Furthermore, companies should also reduce the number of waste materials produced by their vessels, including investing in waste management systems and ensuring that hazardous materials are not released into the environment.
Finally, companies should also increase the efficiency of their transport operations; that is, invest in new technologies of blockchain and AI and implement advanced tracking systems.
This initiative involves investing in new-tech autonomous vessels, implementing advanced monitoring systems and renewable energy sources and reducing the time ships spend in port.
This initiative invests in new technologies, such as blockchain and AI, implementing advanced tracking systems and renewable energy sources and reducing the number of waste materials produced by ships.
Sustainable shipping is becoming increasingly important for governments, regulatory bodies, and businesses. At COP27, several crucial outcomes were achieved to shape the way shipping is conducted in the future.
Additionally, recommendations were made on implementing sustainable shipping practices, such as introducing new technologies and investing in renewable energy sources.
Ultimately, sustainable shipping is an important concept to be taken seriously by governments, regulatory bodies, and businesses. By taking the necessary steps to implement sustainable shipping practices, we ensure our actions are not contributing to the degradation of the environment and that we are taking steps towards achieving a more sustainable world.
A liner shipping consortia block exemption regulation, such as the EU Liner Shipping Consortia Block Exemption Regulation (Commission Regulation 906/2009) (CBER), provides legal certainty for maritime businesses.
The CBER, initially espoused by the UK in 1995 and extended several times, is set to expire on 25 April 2024. Thus, the CBER is currently under review by the EU Commission and the UK’s Competition and Markets Authority (CMA).
The EU Commission had previously called for evidence and distributed target questionnaires to active carriers and other participants providing services to and from the EU, which lasted till 3 October 2022.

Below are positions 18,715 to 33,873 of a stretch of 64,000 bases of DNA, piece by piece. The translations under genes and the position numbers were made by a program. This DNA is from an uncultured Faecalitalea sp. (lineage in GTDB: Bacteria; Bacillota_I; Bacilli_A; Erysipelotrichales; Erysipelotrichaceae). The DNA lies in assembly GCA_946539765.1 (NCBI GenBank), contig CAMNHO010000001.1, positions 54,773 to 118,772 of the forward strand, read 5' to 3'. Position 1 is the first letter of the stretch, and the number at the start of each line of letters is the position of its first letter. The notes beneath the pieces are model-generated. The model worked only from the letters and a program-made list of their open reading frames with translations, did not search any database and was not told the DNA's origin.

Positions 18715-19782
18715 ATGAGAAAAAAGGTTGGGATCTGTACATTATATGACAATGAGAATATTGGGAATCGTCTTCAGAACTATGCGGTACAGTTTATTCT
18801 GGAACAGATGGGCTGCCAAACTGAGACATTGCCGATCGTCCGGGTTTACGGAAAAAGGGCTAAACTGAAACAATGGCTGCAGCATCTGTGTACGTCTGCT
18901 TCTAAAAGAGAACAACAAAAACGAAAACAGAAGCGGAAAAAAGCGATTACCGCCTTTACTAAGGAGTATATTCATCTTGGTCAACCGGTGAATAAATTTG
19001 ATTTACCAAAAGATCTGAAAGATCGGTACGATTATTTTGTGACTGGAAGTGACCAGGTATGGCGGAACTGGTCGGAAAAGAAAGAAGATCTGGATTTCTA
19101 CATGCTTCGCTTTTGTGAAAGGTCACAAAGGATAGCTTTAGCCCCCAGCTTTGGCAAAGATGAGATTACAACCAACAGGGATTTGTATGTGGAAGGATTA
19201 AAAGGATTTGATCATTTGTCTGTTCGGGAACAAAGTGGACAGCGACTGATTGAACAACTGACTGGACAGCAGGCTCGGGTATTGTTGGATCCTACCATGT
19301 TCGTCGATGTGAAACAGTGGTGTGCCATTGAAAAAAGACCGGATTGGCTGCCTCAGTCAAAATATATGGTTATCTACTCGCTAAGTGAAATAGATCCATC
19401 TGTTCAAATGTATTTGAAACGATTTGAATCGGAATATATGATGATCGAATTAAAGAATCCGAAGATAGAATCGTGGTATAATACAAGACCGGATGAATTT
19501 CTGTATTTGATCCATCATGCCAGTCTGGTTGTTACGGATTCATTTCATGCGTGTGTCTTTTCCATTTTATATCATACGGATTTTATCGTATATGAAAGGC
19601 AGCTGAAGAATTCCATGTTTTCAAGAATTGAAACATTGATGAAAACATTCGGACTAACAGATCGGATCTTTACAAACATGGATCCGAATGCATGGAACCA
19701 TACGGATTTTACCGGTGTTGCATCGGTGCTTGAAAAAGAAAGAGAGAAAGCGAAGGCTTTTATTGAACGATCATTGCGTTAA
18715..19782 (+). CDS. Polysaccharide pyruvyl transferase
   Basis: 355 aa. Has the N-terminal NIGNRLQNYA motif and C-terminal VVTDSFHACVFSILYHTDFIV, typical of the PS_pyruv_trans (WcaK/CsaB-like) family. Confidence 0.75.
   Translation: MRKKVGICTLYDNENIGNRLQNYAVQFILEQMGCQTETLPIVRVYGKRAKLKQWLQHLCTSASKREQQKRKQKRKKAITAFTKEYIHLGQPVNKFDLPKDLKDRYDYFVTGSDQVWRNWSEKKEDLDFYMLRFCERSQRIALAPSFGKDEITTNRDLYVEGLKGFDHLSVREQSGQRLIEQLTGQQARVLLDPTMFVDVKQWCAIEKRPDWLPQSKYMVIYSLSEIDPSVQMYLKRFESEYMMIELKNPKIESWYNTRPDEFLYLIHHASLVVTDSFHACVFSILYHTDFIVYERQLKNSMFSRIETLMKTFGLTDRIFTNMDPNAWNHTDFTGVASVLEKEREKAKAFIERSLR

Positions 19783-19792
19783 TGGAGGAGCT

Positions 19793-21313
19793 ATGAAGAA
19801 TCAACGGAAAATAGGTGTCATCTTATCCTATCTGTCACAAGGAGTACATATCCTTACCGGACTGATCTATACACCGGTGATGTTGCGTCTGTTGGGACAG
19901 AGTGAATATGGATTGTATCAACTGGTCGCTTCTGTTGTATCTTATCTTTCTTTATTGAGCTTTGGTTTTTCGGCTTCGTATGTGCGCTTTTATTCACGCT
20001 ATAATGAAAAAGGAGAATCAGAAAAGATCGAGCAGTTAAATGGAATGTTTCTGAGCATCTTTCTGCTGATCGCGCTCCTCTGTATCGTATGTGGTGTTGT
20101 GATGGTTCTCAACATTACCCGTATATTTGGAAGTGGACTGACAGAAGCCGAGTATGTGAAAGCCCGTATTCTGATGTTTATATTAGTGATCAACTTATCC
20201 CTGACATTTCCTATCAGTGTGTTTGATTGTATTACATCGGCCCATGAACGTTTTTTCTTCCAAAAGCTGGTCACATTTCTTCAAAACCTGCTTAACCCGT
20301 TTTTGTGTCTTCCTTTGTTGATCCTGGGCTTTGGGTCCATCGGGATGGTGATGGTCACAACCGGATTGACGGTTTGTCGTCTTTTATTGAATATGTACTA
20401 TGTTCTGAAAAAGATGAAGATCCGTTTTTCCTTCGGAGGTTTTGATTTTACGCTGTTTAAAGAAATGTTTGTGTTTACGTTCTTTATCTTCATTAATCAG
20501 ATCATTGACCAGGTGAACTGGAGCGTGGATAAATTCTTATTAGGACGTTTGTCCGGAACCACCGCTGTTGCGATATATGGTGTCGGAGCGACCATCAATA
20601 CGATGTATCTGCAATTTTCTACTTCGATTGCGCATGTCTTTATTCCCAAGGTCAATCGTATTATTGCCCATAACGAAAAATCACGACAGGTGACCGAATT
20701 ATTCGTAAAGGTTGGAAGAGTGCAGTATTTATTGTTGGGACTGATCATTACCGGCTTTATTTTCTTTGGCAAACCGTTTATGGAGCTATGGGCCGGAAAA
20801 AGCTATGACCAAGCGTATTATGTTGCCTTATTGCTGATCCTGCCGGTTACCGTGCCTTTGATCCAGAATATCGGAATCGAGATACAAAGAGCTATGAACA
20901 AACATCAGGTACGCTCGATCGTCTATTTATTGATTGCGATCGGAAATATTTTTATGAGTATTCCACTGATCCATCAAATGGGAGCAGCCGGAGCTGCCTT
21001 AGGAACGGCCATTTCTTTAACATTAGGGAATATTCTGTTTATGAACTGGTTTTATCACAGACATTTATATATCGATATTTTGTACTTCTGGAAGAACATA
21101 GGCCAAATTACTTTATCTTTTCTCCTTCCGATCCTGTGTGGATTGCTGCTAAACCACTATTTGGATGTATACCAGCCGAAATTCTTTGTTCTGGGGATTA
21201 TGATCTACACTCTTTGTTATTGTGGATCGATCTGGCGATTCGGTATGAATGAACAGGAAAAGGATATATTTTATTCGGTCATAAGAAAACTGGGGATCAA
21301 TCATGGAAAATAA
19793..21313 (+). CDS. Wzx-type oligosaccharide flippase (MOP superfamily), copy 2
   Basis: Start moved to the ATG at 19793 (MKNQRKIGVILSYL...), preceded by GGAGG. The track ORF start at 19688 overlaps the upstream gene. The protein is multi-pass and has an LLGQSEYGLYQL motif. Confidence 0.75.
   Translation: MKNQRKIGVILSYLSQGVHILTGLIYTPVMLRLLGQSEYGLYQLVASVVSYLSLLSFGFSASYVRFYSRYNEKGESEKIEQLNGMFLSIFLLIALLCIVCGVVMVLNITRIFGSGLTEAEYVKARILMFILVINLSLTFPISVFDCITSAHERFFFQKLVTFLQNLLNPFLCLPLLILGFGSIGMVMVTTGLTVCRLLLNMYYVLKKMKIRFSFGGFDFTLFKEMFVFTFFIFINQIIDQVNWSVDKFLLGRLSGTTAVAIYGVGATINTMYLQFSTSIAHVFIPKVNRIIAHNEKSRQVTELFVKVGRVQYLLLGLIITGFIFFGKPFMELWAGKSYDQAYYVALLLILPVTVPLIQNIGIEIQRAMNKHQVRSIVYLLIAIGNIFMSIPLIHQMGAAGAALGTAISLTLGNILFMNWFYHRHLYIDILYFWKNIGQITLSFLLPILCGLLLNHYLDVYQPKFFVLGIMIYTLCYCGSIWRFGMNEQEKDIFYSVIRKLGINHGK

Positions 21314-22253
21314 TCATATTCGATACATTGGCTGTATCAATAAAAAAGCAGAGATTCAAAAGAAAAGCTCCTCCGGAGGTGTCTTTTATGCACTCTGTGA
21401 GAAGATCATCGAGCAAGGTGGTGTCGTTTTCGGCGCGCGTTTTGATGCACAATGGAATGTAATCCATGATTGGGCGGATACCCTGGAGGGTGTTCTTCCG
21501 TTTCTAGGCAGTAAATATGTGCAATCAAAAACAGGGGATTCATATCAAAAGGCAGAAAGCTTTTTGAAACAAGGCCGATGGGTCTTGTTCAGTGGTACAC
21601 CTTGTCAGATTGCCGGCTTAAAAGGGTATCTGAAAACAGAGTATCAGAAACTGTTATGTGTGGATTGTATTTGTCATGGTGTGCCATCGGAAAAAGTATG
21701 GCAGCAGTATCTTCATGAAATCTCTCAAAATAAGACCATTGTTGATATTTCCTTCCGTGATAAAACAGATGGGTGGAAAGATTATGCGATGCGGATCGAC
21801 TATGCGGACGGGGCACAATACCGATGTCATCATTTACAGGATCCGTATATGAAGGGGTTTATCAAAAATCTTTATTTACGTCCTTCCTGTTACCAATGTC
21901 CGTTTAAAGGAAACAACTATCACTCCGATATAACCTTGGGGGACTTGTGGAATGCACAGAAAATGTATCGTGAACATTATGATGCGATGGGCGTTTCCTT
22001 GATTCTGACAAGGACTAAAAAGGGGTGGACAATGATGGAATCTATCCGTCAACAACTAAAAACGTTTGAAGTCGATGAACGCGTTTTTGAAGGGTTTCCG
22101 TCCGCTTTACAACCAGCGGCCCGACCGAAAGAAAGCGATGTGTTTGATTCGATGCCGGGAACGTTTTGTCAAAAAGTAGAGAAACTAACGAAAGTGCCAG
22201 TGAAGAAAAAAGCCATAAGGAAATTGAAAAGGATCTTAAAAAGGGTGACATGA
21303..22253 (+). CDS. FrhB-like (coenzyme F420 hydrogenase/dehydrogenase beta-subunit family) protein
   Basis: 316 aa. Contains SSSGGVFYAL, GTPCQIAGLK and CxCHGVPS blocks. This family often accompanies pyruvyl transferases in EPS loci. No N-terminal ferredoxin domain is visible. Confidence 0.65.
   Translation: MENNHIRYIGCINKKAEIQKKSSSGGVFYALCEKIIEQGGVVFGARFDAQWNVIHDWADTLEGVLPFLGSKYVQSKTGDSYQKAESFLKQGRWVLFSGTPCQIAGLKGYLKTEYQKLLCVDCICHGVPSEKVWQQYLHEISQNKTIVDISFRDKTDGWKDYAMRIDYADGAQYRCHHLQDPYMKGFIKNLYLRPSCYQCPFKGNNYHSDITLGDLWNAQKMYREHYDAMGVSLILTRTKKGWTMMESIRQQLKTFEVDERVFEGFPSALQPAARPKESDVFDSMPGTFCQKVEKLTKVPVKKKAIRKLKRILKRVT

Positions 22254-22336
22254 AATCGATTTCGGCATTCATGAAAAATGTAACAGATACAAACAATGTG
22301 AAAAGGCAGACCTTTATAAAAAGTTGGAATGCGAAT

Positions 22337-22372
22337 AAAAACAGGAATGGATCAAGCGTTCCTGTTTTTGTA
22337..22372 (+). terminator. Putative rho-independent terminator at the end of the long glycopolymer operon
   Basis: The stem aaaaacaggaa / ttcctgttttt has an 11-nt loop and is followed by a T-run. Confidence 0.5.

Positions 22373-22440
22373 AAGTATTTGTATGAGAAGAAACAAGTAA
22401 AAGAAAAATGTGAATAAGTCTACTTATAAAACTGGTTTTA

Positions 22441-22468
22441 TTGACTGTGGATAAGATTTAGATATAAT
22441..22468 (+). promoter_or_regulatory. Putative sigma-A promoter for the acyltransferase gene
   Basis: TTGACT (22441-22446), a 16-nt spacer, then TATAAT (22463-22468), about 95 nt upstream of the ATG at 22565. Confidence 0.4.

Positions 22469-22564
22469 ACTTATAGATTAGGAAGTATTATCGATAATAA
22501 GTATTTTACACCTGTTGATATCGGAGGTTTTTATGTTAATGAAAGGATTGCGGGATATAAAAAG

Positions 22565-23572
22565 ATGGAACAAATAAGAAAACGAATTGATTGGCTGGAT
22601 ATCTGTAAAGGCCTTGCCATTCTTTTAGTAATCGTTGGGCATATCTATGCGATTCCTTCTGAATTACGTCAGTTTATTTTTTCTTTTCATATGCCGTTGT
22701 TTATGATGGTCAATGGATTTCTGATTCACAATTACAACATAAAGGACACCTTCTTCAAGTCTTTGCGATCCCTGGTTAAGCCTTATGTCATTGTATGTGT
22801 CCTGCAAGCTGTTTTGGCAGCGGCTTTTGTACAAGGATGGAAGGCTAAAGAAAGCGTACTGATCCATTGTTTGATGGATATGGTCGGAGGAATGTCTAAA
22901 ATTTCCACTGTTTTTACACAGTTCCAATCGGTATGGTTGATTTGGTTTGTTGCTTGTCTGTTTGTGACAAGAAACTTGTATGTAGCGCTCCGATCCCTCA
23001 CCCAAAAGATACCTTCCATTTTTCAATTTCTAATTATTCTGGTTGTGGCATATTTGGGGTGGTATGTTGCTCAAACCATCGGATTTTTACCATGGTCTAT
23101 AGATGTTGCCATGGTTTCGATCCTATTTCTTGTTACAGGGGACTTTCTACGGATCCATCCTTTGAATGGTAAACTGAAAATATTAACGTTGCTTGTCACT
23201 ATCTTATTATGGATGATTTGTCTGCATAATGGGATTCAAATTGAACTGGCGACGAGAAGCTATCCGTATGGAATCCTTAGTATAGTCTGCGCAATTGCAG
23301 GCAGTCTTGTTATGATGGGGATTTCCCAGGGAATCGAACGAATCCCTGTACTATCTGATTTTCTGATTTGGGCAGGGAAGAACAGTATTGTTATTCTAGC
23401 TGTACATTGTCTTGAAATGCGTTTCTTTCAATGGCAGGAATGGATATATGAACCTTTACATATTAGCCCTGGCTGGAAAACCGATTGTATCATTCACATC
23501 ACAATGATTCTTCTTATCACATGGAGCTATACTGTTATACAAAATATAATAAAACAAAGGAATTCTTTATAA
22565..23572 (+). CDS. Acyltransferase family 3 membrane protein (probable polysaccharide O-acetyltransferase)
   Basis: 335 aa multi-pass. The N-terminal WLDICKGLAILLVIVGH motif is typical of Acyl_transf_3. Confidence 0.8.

On 19 January 2023, CMA issued its consultation on its proposal to replace the CBER upon its expiry, with the proposed replacement legislation being a Liner Shipping Consortia Block Exemption Order (CBEO).
According to Shipping and Freight Resource, a liner shipping service ‘is a service that operates on a schedule with a fixed port rotation…with published dates and sometimes named day of calls at the advertised ports’.
Companies and governments use these schedules for the transportation of goods and are operated through substantial investments. As a result, these services are high-capacity, high-value, and indispensable, and their untroubled operation is detrimental to the UK and EU’s economic growth and standing in world markets.
The UK’s Competition Act 1998 and EU competition and antitrust law usually prohibit agreements between companies that restrict competition within respective markets. However, the CBER imposes an automatic exemption for such agreements amongst consortia or for the joint operation of liner shipping companies whose combined market share is 30% or below, so long as other strict conditions are met.
*It must be noted that high shipping costs are key drivers to increased consumer prices and inflation worldwide.
Through previous consultations and reviews by the CMA, the CBER is considered more beneficial than harmful to the UK economy.
The form any eventual CBEO would take is mainly unknown, especially given the CMA’s recent introduction of its consultation. Any amendments suitable for the UK would likely result from the current and upcoming consultations.
Any ensuing CBEO would be a UK statute vastly similar to the CBER but finely tuned to the requirements of the UK. Further, there is unlikely to be a substantial change to how UK liners and shippers operate within the discussed context, thus underpinning substantial continuity for UK businesses.
Irrespective of how minute or great any changes may be, the legal sector will undoubtedly keep its eyes peeled and its ears to the ground in ensuring its maritime clients continue to receive the best service possible.